Anti-poverty advocate Adam Vasey wants UWindsor law students to consider atypical law careers. He’s spending eight months at Windsor Law as a Community Leadership in Justice Fellow, helping to create a work experience program to place students in social justice organizations.
“The fellowship has been a cool experience that helps me balance using my law degree and my social work degree,” said Vasey.
Vasey is a UWindsor graduate several times over. He did his undergraduate degree in political science (1999), he has a Master of Social Work (2008) and got a law degree here too (2002). For the past five years he’s been director at Pathway to Potential, a poverty reduction organization in Windsor-Essex that focuses on changing policies and attitudes about poverty.
It was at Pathway to Potential that Vasey first joined Windsor Law with a pilot project externship. With the help of a Strategic Priority Fund grant, a handful of law students spent the summer of 2014 working on policy initiatives.
“With the grant we provided law students with non-traditional placement opportunities,” he said. “Instead of offering legal advice, they helped us develop policy initiatives that deal with issues like living wage and food security.”
Windsor Law approached Vasey to apply for the fellowship to create a more permanent externship program that would link up students with community organizations with a social justice bent.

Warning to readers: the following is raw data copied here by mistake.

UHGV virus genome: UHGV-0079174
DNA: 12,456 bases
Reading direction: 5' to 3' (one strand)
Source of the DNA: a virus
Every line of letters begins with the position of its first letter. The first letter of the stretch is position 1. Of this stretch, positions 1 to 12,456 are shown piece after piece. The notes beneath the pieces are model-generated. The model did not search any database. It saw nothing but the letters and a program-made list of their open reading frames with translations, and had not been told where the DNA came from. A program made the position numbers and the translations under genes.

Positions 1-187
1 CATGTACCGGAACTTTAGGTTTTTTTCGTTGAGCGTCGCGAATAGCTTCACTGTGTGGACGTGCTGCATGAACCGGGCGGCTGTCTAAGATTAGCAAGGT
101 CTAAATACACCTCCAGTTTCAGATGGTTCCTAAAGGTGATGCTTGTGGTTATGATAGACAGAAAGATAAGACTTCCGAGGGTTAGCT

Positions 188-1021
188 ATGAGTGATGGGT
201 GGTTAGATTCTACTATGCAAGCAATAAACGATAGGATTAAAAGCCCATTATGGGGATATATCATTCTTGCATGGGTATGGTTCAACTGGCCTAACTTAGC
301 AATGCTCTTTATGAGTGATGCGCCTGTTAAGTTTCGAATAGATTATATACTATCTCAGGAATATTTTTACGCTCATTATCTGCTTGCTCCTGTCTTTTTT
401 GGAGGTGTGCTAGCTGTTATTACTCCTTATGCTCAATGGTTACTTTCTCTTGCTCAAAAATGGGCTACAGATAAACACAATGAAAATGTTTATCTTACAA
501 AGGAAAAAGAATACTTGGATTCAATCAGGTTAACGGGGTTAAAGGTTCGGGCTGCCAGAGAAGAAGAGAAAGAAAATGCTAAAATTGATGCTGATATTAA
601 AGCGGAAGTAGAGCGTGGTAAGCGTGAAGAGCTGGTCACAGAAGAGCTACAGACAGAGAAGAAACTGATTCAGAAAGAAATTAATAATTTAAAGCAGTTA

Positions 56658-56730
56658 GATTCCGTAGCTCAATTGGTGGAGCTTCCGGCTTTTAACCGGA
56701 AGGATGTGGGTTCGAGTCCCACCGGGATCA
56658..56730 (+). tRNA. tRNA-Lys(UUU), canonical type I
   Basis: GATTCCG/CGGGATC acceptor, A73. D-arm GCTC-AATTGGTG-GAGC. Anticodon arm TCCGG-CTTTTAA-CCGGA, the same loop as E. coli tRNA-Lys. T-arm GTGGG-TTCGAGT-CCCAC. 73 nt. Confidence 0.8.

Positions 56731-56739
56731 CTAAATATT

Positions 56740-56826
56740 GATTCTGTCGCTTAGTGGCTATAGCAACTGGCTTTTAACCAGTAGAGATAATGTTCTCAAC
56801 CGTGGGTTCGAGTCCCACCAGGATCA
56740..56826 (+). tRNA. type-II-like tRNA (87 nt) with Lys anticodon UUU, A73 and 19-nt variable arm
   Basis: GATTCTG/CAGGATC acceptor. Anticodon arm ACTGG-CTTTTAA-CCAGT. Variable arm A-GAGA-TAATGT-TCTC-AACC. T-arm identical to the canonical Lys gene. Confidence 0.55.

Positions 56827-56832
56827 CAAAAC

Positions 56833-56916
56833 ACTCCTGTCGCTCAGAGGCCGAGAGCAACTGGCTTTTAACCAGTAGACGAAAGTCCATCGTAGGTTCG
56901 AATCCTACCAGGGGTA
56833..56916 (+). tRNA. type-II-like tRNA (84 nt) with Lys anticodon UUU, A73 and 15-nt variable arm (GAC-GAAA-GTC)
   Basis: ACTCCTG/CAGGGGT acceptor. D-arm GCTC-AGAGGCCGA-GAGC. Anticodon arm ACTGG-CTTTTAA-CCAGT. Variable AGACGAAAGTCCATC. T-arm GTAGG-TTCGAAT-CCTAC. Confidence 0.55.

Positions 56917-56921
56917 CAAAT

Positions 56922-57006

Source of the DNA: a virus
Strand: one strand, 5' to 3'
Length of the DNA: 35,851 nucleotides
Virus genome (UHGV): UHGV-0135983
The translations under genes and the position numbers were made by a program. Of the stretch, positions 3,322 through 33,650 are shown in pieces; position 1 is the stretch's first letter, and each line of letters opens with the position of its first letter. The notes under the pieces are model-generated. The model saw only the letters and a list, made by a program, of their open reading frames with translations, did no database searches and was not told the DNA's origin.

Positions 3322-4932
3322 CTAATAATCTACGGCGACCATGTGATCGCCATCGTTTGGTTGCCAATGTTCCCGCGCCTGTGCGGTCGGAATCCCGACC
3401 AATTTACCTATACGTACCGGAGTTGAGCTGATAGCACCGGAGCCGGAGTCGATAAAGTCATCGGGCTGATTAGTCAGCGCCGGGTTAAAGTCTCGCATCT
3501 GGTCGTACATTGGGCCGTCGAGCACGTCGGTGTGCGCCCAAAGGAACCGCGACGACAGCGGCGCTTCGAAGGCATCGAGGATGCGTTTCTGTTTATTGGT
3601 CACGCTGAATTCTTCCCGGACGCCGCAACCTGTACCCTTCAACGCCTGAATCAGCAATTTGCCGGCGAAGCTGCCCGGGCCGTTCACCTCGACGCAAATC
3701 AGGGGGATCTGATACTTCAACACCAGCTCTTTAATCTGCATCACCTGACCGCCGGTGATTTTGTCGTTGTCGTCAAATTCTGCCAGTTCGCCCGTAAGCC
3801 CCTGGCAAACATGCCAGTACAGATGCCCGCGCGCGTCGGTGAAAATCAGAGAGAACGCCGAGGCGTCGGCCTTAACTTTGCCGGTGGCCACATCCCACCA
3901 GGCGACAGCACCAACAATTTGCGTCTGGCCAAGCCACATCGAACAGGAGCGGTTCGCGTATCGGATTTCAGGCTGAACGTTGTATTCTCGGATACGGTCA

“I think for the law school that’s important because there are a lot of talented keen students who don’t necessarily have an outlet for all of their talents,” said Vasey. “They want to get involved in the community but they don’t necessarily know the best way to do that.”
He admits there are some barriers to cross with the unconventional program but says it’s well suited to the tone set at the law school.
“Windsor Law attracts students with different educational and work backgrounds, in fact Windsor encourages that,” said Vasey. “So it makes sense to offer these experiential opportunities along the way that actually take advantage of the talents and skills the students have.”
Vasey says this field is less developed in Canada than in the United States so he’s looking at some American models as inspiration. He will spend the next few months surveying community organizations and law students to get an idea on how to better construct the program. Vasey completes his fellowship in April 2015.
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